The Cube sculpture in the Bearpit has been removed without consultation or proper process.
This is suppression of a bold community experiment in common public space and cultural expression.
This is a fight for the soul of our City. Could the Bear be next?
An uncommon commons
Seven years ago a brave social experiment was started in the Bearpit. A hitherto unloved and neglected space in the centre of a roundabout, known colloquially as the Bearpit, because of its raw qualities, was declared a “Community Action Zone” by Bristol City Council.
A social enterprise, naming itself the Bearpit Improvement Group (BIG) was formed, and the volunteer project began. Community volunteers put unending effort into creating what could become a community run public space, a true commons.
In 2016, the food traders working in the Bearpit set up a breakaway group “Bearpit Bristol” and have effectively worked to push out the community-based BIG. Bristol City Council and Bristol Waste have seemingly backed the traders over the community. Following a campaign of fear-mongering in the media by the traders, Bristol City Council announced that the social experiment was a failure. In early 2018 the Council, amid much confusion, said they would take back control of the Bearpit from the community group (BIG).
Since then Bristol Waste have painted the inner walls in monotonous grey and brown, removing artworks such as “Bridges not Walls” and “Deeds not Words”, works painted for Journey to Justice in late 2017. Inevitably this has provoked a response from graffiti artists and the grey walls are tagged constantly. Since this oppressive move by the Council, artists have been harassed and threatened with arrest by the police. No clear guidance has been issued or communicated to the community.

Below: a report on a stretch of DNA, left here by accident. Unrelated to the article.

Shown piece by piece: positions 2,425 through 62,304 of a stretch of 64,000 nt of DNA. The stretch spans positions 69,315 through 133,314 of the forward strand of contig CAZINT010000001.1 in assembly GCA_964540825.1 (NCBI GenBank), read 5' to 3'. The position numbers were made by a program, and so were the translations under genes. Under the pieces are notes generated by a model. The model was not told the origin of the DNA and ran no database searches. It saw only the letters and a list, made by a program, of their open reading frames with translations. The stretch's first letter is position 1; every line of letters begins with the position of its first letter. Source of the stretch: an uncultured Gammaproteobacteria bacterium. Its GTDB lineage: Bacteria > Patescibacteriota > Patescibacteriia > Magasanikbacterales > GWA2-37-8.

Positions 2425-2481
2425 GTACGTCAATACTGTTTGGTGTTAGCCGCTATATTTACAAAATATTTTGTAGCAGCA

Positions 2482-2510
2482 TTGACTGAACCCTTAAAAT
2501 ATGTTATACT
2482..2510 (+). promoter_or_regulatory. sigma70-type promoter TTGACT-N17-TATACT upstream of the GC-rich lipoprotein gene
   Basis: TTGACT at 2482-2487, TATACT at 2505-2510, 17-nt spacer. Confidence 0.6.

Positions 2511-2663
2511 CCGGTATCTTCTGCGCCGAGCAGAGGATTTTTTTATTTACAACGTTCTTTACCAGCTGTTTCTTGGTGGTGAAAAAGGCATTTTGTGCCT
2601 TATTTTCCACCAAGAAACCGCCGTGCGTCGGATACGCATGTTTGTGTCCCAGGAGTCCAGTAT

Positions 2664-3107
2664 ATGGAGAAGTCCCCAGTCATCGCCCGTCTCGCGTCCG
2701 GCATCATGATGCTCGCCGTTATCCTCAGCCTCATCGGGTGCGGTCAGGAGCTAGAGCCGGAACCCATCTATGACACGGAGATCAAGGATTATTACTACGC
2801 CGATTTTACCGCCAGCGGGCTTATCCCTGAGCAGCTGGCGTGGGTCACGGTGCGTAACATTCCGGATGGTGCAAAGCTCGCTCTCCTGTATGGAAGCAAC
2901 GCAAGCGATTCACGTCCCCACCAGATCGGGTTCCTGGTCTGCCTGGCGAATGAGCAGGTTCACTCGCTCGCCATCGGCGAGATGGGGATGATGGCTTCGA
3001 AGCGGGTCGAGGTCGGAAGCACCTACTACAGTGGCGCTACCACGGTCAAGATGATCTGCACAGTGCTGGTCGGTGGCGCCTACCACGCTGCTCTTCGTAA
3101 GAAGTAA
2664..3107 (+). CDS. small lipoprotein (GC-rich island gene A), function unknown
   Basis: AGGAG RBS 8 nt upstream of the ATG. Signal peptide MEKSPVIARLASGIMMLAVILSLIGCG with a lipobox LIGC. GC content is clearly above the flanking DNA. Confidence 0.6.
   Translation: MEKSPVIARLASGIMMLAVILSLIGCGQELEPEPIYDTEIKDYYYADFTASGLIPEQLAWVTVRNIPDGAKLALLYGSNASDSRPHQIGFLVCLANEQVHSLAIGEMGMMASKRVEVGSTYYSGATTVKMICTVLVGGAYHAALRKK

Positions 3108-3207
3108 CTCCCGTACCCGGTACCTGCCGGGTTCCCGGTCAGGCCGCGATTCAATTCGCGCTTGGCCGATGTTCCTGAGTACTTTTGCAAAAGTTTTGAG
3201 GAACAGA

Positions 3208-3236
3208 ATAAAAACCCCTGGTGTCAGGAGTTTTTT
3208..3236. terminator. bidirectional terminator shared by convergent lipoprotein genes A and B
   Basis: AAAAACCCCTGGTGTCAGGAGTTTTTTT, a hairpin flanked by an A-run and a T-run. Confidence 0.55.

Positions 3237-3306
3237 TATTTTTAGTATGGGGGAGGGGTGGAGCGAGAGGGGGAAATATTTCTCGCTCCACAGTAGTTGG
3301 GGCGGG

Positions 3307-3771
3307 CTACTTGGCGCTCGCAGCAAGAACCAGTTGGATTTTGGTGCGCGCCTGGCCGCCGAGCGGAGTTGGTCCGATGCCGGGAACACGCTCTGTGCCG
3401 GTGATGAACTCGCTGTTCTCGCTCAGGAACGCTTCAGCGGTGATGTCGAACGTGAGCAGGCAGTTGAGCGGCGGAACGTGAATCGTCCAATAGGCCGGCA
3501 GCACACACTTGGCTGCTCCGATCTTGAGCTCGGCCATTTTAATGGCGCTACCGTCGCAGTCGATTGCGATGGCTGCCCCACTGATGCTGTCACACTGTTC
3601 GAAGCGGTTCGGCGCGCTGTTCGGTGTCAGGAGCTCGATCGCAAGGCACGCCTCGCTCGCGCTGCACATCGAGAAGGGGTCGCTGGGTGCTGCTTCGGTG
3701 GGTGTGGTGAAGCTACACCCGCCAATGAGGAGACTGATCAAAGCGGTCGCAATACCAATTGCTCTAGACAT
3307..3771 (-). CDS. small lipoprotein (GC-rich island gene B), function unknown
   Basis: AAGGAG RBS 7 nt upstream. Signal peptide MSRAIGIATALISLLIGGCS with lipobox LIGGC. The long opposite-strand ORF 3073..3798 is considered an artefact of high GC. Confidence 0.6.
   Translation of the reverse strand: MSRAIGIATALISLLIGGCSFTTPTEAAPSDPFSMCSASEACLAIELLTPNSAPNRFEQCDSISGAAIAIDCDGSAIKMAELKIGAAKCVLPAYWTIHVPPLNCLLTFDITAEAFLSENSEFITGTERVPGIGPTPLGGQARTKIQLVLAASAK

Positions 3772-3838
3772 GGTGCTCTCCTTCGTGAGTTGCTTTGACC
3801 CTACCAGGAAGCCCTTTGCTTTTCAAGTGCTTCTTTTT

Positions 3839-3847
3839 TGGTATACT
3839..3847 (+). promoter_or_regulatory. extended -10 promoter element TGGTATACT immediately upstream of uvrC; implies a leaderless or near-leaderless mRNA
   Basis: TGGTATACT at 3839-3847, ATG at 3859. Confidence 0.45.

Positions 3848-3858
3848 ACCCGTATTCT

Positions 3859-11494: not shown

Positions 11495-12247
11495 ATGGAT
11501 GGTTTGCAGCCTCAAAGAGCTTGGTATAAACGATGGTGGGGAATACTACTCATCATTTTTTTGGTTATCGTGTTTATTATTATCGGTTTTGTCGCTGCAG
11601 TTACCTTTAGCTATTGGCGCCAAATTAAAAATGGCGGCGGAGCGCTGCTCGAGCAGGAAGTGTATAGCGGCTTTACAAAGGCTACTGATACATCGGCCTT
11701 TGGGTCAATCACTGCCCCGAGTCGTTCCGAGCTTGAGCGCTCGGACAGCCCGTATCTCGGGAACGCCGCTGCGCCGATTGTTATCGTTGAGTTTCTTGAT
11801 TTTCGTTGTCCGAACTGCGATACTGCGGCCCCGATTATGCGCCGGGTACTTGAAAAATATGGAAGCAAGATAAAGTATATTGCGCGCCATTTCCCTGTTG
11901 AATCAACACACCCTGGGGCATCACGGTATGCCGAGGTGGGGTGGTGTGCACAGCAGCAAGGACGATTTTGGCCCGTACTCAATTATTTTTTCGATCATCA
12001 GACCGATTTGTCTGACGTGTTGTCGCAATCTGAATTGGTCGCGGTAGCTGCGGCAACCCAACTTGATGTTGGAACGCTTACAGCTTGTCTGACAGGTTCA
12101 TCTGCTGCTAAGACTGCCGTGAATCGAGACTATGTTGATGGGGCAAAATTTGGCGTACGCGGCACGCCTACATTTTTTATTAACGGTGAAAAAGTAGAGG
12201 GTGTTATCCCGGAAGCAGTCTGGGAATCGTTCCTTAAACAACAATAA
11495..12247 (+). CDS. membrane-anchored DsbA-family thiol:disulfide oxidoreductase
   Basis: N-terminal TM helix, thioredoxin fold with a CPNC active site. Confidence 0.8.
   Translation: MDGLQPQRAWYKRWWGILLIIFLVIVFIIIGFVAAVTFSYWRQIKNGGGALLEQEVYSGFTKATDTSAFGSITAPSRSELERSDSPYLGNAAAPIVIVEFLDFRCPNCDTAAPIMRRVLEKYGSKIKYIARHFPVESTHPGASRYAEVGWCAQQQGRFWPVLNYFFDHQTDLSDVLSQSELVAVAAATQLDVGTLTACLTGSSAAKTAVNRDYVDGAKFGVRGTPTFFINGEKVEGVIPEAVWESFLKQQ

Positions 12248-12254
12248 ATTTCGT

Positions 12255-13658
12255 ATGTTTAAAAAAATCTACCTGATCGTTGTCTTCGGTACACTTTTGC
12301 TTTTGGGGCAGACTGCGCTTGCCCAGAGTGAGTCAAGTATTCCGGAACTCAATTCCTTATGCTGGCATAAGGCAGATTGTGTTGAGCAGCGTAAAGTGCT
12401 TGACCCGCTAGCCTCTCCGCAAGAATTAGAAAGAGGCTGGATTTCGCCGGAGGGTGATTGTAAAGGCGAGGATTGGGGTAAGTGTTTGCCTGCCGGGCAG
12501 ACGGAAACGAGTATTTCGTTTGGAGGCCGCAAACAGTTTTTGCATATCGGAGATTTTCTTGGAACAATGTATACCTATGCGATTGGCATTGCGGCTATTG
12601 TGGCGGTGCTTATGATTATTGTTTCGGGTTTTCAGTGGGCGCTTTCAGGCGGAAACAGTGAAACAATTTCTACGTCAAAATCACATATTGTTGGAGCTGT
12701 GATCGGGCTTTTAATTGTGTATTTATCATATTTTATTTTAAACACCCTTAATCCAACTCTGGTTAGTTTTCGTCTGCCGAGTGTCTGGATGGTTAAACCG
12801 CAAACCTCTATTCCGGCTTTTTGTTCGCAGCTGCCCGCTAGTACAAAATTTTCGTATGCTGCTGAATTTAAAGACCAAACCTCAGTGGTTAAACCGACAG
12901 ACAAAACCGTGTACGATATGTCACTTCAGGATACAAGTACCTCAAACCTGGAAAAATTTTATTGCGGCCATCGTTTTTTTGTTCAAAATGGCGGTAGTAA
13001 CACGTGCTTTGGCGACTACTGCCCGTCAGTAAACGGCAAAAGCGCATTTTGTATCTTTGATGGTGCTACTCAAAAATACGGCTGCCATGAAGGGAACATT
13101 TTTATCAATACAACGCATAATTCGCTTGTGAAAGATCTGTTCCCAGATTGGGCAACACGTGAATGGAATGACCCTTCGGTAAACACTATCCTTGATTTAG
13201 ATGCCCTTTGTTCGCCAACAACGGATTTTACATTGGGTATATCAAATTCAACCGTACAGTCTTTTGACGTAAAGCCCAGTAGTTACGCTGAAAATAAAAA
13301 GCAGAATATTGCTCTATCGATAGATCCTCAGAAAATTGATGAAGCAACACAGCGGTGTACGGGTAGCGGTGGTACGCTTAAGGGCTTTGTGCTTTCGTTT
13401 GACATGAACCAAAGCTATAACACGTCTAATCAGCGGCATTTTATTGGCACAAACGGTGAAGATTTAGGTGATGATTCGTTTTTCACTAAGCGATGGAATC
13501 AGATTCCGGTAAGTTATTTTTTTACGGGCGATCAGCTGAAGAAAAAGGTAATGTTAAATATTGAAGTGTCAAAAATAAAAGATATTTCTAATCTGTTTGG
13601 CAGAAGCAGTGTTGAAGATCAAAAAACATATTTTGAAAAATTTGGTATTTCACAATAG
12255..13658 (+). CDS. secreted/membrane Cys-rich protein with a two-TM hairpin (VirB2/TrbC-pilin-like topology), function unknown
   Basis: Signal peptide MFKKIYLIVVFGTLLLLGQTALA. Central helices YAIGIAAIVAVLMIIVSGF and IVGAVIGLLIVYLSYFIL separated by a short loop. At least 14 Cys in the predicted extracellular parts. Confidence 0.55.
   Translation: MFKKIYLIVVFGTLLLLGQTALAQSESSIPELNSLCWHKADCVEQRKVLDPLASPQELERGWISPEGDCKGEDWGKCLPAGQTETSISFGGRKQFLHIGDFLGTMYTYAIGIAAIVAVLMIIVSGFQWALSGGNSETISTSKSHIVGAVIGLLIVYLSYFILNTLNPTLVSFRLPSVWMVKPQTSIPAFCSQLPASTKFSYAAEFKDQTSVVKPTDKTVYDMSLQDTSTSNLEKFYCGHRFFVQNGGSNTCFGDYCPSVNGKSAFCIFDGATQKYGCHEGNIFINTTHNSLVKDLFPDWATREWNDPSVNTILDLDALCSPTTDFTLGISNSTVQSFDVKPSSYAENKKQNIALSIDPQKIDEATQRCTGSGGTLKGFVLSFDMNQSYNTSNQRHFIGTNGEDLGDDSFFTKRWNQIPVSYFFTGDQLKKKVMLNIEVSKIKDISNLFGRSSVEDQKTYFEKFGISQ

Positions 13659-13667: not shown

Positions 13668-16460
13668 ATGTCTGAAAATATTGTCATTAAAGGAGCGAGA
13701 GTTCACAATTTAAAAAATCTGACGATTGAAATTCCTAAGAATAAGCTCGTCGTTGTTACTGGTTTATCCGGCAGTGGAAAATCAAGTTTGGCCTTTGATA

Erection of Sculpture funded by Arts Council England
Last month on the Friday before Whitsun, the Cube sculpture which sat atop the now permanently closed ladies public toilets was removed by Bristol Waste employees, apparently under order from Bristol City Council. The 12ft high, 16ft wide wooden sculpture was erected with funding from the Arts Council in 2013 by PRSC and BIG. The Council Planning department told PRSC that its removal was nothing to do with them, though they had sent to PRSC a letter requesting its removal, the first stage in a long legal process.
Artist Sledone at work
Friends of the Earth mural, the last work before removal
The removal of the Cube sculpture is a violation, a suppression of community voice and a dramatic escalation in the erasure of the Bearpit cultural experiment.
Removal by Bristol Waste in May 2018
The Bearpit is important for what it is, not what it might be. The social experiment is not a failure. The withdrawal of support by the Council is a rupture of faith with the volunteers who worked for seven long years. The suppression of local culture is disastrous, as our government erases the very thing that it professes to encourage. Experiments are messy and sometimes difficult. In the last years the creativity that has come from the Bearpit has been extraordinary. It has not been allowed to flourish. The problems of homelessness and addiction across the city have not been addressed, and hiding these issues from the public gaze is not a solution.
This aggressive sanitization of public space is shocking and unacceptable. You can’t have murals without accepting tags and allowing practice space: all art comes from somewhere. Scapegoating and ‘cleaning up’ street people does not make them disappear, or solve that issue. Painting the Bearpit grey and brown does not stop people tagging. The Commons are for everybody.
Even Bristol City Council’s own consultants agree on the importance of the messy and the avant-garde. See quote below from the Council’s own adopted report.
If you’re interested in these issues, come to the Cube cinema on 27th June at 7.30pm for a free evening of extraordinary Bearpit-related entertainment.
SAVE BEARPIT presents a special evening
VENUE: The Cube Cinema Dove St S, Avon, Bristol BS2 8JD
To be continued.